The city of Cortez has been digging into a recent embezzlement case, but a 2016 software switch makes it hard to determine how long the fraud was happening.
The city says an undisclosed city employee stole about $25,000 from Cortez in 2017, but investigators have not determined the full extent of the fraud, because data was lost when Cortez switched from AS400 to the Casselle financial system three years ago.
The City Council approved a contract for an IT specialist Tuesday night to try and recover this data. The contract amount ranges from $4,000 to $20,000, based on the accessibility of the data.
Councilors did not approve the extra $5,000 the finance department requested in case the work exceeded the projected range.
“We can’t keep supplementing a new magic bullet,” said Councilor Jill Carlson. “We’ve just got to get it fixed. And I don’t feel comfortable authorizing $25,000, knowing that we might only recover $25,000.”
Even if the city gets reimbursed, she added, “it doesn’t seem to me like a good use of our funds.”
The vote was 6-1. Councilor Ty Keel as the lone dissenter.
Over the summer, City Manager John Dougherty announced that it had been discovered that a former city employee had embezzled from the city. The case is being investigated by the Colorado Bureau of Investigation along with forensic auditors from Baker Tilly Virchow Krause LLP.
Finance Director Ben Burkett said that the city’s insurance plan covers the fraud loss and forensic auditors. He declined to share the name of the alleged embezzler at this time.
But the investigation poses some issues for the city. Back in April, city officials discovered a faulty software conversion in 2016 led to inadequate financial documentation, preventing Cortez from receiving proper audits for the past three years. The backlog of audits means that property taxes and Conservation Trust Funds – Colorado Lottery proceeds directed to municipalities across the state – have been withheld, and the city hasn’t been able to apply for grants from the Colorado Department of Local Affairs.
The city’s bond rating was removed earlier this year, Burkett told The Journal. Once the audits are in order, they will be able to submit the appropriate documentation to hopefully receive a new rating, he said.
The city was working to fix the situation, and the 2016 financial audit was nearly completed, but the discovery of embezzlement halted its progress, since CBI told Cortez to stop cleaning up its accounts while the investigation was ongoing.
Burkett said that once the audits are complete and successfully submitted to the state, both the property taxes and CTF monies from 2018 and 2019 will be remitted to the city – about $170,000 for each. The proposed 2020 budget includes these remittances, with property tax revenues budgeted at $280,000 and CTF funds at $255,000.
Burkett said forensic auditors discovered that about $25,000 was stolen in 2017. They believe the embezzlement goes back farther, though.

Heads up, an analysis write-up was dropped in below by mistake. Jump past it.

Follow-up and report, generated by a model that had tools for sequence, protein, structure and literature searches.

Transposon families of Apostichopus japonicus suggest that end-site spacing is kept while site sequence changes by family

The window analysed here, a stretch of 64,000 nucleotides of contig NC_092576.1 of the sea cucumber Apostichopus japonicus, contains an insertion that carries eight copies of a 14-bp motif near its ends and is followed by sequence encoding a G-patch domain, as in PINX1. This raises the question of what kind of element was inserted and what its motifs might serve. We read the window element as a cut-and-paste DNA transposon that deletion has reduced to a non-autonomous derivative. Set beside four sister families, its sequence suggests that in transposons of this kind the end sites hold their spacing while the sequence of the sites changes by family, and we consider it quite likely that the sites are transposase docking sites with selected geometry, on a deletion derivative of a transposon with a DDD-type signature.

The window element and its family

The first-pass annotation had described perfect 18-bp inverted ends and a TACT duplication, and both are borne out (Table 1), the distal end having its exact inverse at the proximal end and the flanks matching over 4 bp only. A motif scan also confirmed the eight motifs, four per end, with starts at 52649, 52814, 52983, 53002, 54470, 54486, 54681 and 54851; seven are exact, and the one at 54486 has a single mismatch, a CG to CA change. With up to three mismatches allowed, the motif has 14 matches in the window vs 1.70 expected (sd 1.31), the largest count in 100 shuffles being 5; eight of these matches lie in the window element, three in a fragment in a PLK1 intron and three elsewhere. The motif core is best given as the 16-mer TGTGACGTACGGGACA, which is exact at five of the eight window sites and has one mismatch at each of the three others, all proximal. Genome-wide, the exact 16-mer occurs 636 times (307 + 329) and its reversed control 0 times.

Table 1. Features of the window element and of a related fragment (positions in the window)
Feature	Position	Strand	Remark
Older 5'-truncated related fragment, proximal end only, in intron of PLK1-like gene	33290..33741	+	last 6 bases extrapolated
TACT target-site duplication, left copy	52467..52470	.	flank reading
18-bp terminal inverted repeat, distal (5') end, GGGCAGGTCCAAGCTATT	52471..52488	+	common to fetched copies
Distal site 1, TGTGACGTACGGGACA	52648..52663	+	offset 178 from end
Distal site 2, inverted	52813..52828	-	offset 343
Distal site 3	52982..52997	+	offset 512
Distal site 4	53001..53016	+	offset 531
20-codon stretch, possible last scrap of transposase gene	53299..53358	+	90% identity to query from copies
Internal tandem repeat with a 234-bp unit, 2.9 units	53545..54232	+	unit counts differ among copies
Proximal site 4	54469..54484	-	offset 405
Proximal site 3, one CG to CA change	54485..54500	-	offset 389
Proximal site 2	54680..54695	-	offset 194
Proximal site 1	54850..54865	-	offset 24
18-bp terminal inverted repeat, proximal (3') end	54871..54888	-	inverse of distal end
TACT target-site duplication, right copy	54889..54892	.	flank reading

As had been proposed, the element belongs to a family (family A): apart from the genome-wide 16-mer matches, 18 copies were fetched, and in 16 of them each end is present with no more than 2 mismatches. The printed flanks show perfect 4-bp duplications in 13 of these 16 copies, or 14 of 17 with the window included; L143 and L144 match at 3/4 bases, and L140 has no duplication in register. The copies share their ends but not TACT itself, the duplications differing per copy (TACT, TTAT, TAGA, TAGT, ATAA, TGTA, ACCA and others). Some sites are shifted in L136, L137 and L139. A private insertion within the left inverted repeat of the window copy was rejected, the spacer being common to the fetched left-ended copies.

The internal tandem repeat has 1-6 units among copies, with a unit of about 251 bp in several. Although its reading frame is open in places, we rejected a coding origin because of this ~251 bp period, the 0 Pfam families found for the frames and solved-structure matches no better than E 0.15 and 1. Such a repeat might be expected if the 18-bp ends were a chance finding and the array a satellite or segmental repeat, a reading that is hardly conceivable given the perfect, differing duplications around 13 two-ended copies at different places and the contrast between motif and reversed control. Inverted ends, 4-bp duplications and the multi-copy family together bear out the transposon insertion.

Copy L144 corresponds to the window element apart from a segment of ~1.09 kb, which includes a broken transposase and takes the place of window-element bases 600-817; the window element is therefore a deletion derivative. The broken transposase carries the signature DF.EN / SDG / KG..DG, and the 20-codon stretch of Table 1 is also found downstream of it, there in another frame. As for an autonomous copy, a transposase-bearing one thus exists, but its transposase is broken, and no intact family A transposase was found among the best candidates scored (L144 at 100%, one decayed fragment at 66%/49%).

“It’s well known, in talking with the CBI and with the forensic auditors, fraud doesn’t usually start and stop,” Burkett said Tuesday night. “It goes on.”
The problem is that auditors haven’t been able to review reports from before 2016, when the city converted from AS400 to Casselle.
“Financial reports from the previous financial system, AS400, for previous years were printed off in hard copy format,” Burkett wrote in a staff report. “Regrettably, city staff have found some reports were destroyed; directly in violation with financial retention policies.”
While the city hasn’t been able to recover the reports in-house, staff hope that an IT specialist can. Two sets of backups are available: one on local servers and another on AS400 8 mm tape.
If restored, the forensic auditors will be able to analyze data from farther back in time, which could strengthen the city’s insurance claim, Burkett said. However, it was unknown whether the data would be available on the backups.
At Tuesday night’s meeting, Burkett asked councilors to approve a contract with IT specialists from Kroll Cyber Security LLC. The contract ranged from $4,000 to $20,000, since fees are charged on an hourly rate, and the data’s accessibility is unclear – the process may be exceptionally lengthy to access data on the 8 mm tape.
He also asked for the ability to increase the IT specialist contract up to $25,000 if needed, so staff wouldn’t have to return to council for permission if their work exceeds the $20,000 limit.
Councilors debated the value of approving more funds to solve the question of how far back the embezzlement goes.
“I don’t think there’s anyone up here that does not want to have some conclusion to that question,” Keel said. “The thing is, it’s beginning to be a really expensive question.”
Burkett agreed that it was a “gamble” but felt that searching for the missing data was worthwhile and could help the city’s insurance claim.
“If it’s there, it only increases our insurance claim, it increases the potential of our insurance claim,” he said. “If it’s not there, all it does is really offset whatever claims we would get back from those insurance organizations.”
He emphasized that the audits backlog is separate from the fraud.
Mayor Karen Sheek also was hesitant about approving $25,000 for an uncertain result, although she added that they had known early on this would be a “costly endeavor.”
“We all knew this was going to be expensive,” she said.
The specialists are expected to begin work soon, Burkett said.